Whose job is it to fix these things?
There are two obvious venues where the constitutional defects in these proposals could be remedied, the courts and Parliament itself.
This week should see the application for leave for judicial review of these proposals in the High Court of Northern Ireland. The review is being brought by victims and survivors of conflict-related incidents. The central argument seems to be that these proposals are so fundamentally unconstitutional that no court could ever regard an Act of Parliament implementing them as lawful. This is a direct and full-on challenge to sovereignty of Parliament.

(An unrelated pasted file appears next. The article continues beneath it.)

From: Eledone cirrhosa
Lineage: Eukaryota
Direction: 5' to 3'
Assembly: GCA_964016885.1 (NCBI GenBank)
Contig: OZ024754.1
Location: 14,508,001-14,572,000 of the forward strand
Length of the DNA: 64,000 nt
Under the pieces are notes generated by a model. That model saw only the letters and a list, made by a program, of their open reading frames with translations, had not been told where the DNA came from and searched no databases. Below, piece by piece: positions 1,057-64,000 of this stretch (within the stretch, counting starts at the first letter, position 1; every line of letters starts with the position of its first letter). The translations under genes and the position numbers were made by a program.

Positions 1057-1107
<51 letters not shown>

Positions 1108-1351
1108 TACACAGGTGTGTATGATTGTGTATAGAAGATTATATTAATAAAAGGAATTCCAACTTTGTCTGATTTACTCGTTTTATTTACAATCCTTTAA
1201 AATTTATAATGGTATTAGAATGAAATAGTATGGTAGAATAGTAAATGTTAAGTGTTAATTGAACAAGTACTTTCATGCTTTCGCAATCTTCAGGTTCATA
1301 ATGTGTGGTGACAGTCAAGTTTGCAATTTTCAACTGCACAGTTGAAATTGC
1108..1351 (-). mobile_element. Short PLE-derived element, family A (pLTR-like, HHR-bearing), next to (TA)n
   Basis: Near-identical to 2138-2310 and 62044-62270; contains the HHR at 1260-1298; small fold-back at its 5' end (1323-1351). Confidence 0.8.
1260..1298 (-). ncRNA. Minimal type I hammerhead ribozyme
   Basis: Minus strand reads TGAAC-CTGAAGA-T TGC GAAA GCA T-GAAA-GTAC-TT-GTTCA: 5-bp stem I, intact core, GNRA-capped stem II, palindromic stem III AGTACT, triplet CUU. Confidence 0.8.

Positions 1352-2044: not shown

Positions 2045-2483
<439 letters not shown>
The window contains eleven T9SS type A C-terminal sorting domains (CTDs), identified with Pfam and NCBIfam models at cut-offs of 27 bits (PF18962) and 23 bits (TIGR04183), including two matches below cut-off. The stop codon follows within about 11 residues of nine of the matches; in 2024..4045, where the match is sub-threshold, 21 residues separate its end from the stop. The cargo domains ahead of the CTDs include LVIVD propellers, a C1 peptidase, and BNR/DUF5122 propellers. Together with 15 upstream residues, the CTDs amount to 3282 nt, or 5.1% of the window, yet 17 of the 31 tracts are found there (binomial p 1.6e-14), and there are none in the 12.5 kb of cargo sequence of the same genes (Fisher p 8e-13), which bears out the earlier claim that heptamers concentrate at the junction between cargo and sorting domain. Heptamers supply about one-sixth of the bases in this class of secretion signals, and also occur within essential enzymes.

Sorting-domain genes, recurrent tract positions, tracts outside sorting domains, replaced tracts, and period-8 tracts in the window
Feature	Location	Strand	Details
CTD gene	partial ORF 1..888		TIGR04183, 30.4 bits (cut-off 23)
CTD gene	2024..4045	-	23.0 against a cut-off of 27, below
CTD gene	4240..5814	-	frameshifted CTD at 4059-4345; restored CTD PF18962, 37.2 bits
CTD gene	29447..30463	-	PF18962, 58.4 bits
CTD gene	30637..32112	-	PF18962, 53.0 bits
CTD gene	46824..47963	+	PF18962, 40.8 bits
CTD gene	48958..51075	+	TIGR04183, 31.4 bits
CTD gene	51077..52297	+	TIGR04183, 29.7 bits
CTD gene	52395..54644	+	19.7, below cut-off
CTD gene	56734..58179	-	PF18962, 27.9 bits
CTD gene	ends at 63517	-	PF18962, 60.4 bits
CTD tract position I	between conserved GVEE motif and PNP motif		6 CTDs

The second way to remedy these proposals is for Parliament itself, as co-guarantor of the constitution, to reject them. This would have been Dicey’s solution. Despite the Government possessing a large majority in the Commons, parliamentarians have previously acted to stop unconstitutional provisions getting onto the statute book. The original version of the Overseas Operations (Service Personnel and Veterans) Act 2021 included a time-bar for all sorts of serious crimes committed by UK service personnel. Parliament rejected this provision, and passed an amendment that this exemption wouldn’t apply to war crimes and other grave breaches. The United Kingdom Internal Market Act 2020 contained, on introduction into Parliament, a provision authorising breaches of international law. Parliamentary pressure (amongst other things) led to that provision being removed – it would have been in violation of the Rule of Law and our international obligations.